An expanded Web version of segments seen on CNN
Bones reveal little-known tale of New York slaves
February 12, 1998
Despite being buried for over 200 years, the bones are in almost pristine condition
Web posted at: 2:30 p.m. EST (1930 GMT)
From Correspondent Ann Kellan
NEW YORK (CNN) -- Far beneath the busy cityscape of New
York's lower Manhattan lies a centuries-old cemetery. The
burial ground, discovered in 1991 by construction workers,
contains more than 400 remains of what is believed to be the
first group of African slaves brought to the city. It also
tells a little-known story of early New York.
The bones, almost pristine despite being buried for more than
200 years, represent the emergence of
African-American culture in the United States, according to
Dr. Warren Perry, an archeologist for the African Burial Project. ( 153K/13 sec. AIFF or WAV sound)
Dr. Michael Blakey, a biological anthropologist from Howard University, says the bones also reveal a great deal about who the slaves were and offer hints of where they came from. ( 136K/11 sec. AIFF or WAV sound)
And while most people think of slavery as having been
concentrated in rural or the Southern parts of the country,
Edna Medford of the Historical Component says New York had a
significant slave population during the 18th century.
Scientists hope the bones will shed new light on the lives of
enslaved Africans during the Colonial period.
Blakey says the bones have already revealed that the African
slaves were probably involved in a range of activities,
helping to transform New York into a bustling seaport.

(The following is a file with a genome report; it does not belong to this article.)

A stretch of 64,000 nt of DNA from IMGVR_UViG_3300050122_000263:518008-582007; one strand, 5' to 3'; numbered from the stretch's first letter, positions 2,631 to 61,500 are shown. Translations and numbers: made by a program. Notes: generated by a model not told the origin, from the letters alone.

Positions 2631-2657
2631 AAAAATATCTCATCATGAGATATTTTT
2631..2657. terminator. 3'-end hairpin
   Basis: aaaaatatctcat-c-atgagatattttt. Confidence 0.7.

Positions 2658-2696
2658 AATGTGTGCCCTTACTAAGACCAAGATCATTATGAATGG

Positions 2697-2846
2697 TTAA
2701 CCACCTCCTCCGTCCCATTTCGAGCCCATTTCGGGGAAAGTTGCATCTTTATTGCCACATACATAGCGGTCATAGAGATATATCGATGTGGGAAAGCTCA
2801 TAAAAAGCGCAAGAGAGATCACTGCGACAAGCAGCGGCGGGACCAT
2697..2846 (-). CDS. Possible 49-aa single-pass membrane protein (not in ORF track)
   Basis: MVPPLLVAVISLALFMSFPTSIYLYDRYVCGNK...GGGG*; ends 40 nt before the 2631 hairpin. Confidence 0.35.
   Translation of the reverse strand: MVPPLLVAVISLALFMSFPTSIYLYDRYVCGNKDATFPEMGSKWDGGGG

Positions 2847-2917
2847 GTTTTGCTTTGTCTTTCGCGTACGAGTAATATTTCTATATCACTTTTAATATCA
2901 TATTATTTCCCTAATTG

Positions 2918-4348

The bones show the hardships the Africans faced the moment
they stepped off the slave ships; in some cases they
literally were worked to death.
"You have so many individuals who have trauma or injury to
the bone, broken neck bones because they were forced to do
that kind of labor," says Ena Fox of Howard University.
As Blakey demonstrates how the knee bones work, he tells of
the enlarged muscles or torn ligaments the slaves would have
experienced. ( 213K/18 sec. AIFF or WAV sound) He says half of the
populations died before they became teen-agers; others died
within the first two years of their arrival.
Fox, who's been collecting data from the teeth that were
found, says defects in the tooth enamel were caused by
African burial ground
Further examination of the bones and teeth reveal Africans
who were enslaved as children and then shipped here had more
cased of metabolic illness and malnutrition than children who
spent their childhood in Africa and later died as adults.
Through the research of artifacts and further DNA studies,
scientists hope to trace the slaves' origins back to the
particular countries they came from on the African
Once that is done, the remains of the enslaved will be
returned to the earth and a portion of the original burial
ground will be set aside as a lasting memorial.